Commissure formation in the embryonic CNS of Drosophila

February 1999
Hummel T
Schimmelpfeng K
Klämbt C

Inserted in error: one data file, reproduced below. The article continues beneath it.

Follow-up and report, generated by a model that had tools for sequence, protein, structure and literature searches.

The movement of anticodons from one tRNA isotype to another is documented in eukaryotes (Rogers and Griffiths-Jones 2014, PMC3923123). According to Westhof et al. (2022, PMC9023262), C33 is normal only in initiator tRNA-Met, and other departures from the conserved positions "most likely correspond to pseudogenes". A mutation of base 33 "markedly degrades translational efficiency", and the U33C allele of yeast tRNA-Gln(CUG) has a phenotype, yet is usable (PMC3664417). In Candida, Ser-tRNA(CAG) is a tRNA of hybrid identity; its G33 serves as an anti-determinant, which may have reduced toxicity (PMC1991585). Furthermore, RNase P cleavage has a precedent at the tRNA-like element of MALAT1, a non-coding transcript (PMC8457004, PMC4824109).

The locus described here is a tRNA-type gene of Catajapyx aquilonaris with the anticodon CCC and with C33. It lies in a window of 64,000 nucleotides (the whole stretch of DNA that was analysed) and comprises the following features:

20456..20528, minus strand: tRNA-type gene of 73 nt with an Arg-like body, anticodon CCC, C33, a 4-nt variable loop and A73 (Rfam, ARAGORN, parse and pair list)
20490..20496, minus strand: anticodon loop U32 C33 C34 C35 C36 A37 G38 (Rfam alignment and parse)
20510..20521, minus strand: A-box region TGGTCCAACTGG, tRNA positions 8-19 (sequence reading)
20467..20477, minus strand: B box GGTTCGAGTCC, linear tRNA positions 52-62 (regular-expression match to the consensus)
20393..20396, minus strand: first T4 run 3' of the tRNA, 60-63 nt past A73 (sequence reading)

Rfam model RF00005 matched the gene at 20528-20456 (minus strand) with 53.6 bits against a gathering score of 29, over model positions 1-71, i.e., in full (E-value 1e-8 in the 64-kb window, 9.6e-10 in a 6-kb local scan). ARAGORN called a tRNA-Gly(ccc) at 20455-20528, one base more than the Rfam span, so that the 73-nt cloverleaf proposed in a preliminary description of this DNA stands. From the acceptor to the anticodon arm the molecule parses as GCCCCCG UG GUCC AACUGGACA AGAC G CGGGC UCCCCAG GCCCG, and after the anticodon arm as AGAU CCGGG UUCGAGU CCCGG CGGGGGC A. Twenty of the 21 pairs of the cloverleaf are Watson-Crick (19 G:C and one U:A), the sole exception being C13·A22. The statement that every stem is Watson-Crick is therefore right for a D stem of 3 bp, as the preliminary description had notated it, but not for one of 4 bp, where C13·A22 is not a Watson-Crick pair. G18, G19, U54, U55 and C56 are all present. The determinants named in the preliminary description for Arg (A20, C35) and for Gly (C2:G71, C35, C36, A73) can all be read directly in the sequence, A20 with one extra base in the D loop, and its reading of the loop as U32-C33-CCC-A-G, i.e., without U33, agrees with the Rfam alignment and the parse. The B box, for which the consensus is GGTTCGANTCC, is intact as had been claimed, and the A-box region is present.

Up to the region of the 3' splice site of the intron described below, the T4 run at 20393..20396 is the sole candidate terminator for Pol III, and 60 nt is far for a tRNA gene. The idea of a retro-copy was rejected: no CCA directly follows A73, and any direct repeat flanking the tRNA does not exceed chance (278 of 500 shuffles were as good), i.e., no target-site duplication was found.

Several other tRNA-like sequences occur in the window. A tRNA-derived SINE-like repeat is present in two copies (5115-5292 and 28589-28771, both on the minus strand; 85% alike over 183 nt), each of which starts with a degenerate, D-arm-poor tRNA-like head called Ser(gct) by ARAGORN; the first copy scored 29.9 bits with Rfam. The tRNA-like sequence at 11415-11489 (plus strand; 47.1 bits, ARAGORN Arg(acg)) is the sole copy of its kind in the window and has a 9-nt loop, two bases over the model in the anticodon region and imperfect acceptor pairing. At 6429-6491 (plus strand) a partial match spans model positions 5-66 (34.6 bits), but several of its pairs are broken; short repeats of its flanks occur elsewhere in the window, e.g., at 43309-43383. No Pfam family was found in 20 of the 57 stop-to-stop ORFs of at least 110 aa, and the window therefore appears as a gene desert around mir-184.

Most of the neurons of the ventral nerve cord send out long projecting axons which cross the midline. In the Drosophila central nervous system (CNS) cells of the midline give rise to neuronal and glial lineages with different functions during the establishment of the commissural pattern. Here we present evidence that beside the previously known NETRIN/FRAZZLED (DCC) signalling system an additional attractive system(s) is operating in the developing embryonic nervous system of Drosophila. Attractive cues appear to be provided by the midline neurons. We show that the glial cells present repulsive signals to the previously described ROUNDABOUT receptor in addition to a permissive contact-dependent signal helping commissural growth cones across the midline. A novel repulsive component is encoded by the karussell gene. Furthermore the midline glial cells separate anterior and posterior commissures. By genetic criteria we demonstrate that some of the genes we have identified are acting in the midline glia whereas other genes are required in the midline neurons. The results lead to a detailed model relating different cellular functions to axonal patterning at the midline.